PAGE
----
How Duke basketball is plotting its near future without injured forward Dariq Whitehead
Duke expects to get Dariq Whitehead back onto the floor at some point this season — something that looked doubtful when he was helped from the court with a lower leg injury Monday night — but the Blue Devils will be without the 6-7 forward this weekend at Georgia Tech.
Whitehead scored 10 points in Duke’s 78-75 loss at Virginia Tech before tweaking his left leg in a leaping attempt to snare a loose ball away from Hokies forward Justyn Mutts during the second half.
Subsequent medical exams, including an MRI, showed no structural damage, Duke coach Jon Scheyer said on Thursday. The Blue Devils avoided a worst-case scenario.
“I think it was scary just because it’s a different kind of injury,” Scheyer said. “For him, though, I think he got a lot of relief once we’d done the testing, got the MRI. No structural damage, which is important. He’s relieved. I know that. We just need to make sure we make smart decisions and take our time with him.”
The first of those decisions is to hold Whitehead out of practice and declare him unavailable to play on Saturday when the Blue Devils play an ACC game at Georgia Tech in Atlanta.
So Duke (14-6, 5-4 ACC) will be without a backcourt player who has scored in double figures in five of the eight ACC games in which he’s participated. He topped out at 18 points in Duke’s 65-64 win at Boston College on Jan. 7, and had 16 points in an 86-67 win over Florida State on Dec. 31.
But the projected first-round pick in this June’s NBA Draft has also had less productive games, like scoring six points on 2 of 11 shooting in Duke’s 77-69 win over Pittsburgh on Jan. 11, and two points on 1 for 6 shooting when Duke lost 72-64 at Clemson on Jan. 14.
Scheyer said he thought Whitehead appeared to be finding his groove on offense against Virginia Tech before he missed the game’s final 17 minutes.
“He’s bummed, no question,” Scheyer said. “He wants to be out there playing. In that game against Virginia Tech, thought he showed some big time flashes and really, offensively, carried us early. I thought he had a great swagger about him and he not only had some some baskets, but his feel for the game, his passing, I thought he was showing a lot that game.”
Having lost four of their five ACC games away from Cameron Indoor Stadium, the Blue Devils will turn to a host of players to make up for the 27 minutes or so that Whitehead has played while starting the past five games.
While junior Jeremy Roach, freshman Tyrese Proctor and sophomore Jaylen Blakes will have to absorb more minutes as ball-handlers, Scheyer said this could create a chance for freshman guard Jaden Schutt to get meaningful minutes. The 6-5 Schutt has only played 13 combined minutes over three ACC games while not playing in Duke’s other six league games.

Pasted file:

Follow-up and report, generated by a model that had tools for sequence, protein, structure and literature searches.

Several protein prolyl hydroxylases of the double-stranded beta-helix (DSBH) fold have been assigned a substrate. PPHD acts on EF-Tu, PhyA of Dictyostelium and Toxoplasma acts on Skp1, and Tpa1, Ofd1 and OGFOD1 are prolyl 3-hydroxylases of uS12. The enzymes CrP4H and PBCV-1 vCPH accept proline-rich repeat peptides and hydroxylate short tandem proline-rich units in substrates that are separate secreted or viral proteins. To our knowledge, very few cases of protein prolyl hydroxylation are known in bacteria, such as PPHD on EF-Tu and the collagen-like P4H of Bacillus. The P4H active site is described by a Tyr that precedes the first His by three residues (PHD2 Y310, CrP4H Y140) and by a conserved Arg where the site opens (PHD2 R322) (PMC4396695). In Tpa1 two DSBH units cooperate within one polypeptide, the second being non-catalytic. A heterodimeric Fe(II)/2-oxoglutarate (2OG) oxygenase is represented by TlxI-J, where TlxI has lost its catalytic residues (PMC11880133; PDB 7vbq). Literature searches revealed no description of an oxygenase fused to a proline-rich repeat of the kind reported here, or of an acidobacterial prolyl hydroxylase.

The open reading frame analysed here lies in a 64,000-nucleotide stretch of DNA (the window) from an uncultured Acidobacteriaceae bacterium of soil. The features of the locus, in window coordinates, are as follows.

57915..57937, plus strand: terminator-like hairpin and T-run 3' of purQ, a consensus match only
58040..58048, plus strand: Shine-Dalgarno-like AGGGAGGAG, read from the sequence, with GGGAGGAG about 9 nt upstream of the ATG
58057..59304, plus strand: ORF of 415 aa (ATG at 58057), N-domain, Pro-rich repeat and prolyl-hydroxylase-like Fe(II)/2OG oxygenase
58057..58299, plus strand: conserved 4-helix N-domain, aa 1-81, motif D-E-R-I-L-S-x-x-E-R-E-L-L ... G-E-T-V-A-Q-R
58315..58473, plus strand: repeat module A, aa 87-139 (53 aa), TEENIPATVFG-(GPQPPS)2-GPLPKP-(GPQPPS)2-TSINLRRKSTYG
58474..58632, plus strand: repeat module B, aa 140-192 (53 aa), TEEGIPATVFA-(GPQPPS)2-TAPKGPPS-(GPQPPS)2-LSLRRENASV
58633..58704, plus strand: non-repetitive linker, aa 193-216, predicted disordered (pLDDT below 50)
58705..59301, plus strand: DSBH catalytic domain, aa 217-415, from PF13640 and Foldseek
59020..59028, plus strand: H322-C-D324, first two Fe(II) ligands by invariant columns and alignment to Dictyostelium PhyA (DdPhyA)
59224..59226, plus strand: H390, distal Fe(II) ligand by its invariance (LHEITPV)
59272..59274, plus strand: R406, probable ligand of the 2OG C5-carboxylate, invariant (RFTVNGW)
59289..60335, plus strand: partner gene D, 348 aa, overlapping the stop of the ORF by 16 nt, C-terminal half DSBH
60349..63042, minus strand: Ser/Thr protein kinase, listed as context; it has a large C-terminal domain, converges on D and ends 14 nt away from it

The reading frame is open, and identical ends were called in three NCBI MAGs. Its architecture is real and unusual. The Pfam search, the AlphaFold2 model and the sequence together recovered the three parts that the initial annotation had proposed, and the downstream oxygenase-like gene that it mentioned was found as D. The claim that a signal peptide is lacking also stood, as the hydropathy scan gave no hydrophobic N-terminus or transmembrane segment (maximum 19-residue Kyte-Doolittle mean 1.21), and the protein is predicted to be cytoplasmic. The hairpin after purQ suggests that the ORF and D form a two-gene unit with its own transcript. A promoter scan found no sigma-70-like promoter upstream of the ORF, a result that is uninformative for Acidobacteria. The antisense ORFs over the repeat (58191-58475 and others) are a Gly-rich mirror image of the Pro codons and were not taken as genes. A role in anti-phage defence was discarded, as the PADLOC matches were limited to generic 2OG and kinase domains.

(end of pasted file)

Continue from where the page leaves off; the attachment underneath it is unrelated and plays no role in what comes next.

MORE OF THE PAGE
“We’ve told Jaden to be ready,” Scheyer said. “Jaden has been a guy that’s practiced really well and provides a different weapon for us.”
Schutt’s shooting ability, particularly behind the 3-point line, is what drew college recruiters his way as an Illinois high school player. He’s hit 5 of 10 3-pointers in his limited play at Duke.
Veteran wing Jacob Grandison will also help make up for Whitehead’s absence. The 6-5 graduate student was a 41% 3-point shooter at Illinois over the past two seasons. But he’s only made 33% (19 of 57) with the Blue Devils this season.
Scheyer and the Blue Devils won’t count on one player being a bridge to Whitehead’s return, saying all those players should help.
“He provided a scoring, rebounding, just a big presence on the wing.” Roach said of Whitehead. “I mean, we’re definitely, definitely gonna miss him. Speedy recovery to him. I know he’s gonna be back working his tail off but it’s next man up now.”
After playing at Georgia Tech (8-12, 1-9) on Saturday, Duke has difficult home games with Wake Forest (14-7, 6-4) on Jan. 31 and North Carolina (15-6, 7-3) on Feb. 4, followed by a road game at Miami (16-4, 7-3) on Feb. 6.
There’s no guarantee Whitehead will be available to play in any of those four games.
But Scheyer, despite an ACC record just above the break-even mark, believes his team can still produce its best basketball going forward.
“Our guys, we’ve been through a lot together,” Scheyer said. “I think it’s gonna make us really tough down the stretch. And we’re all getting better.”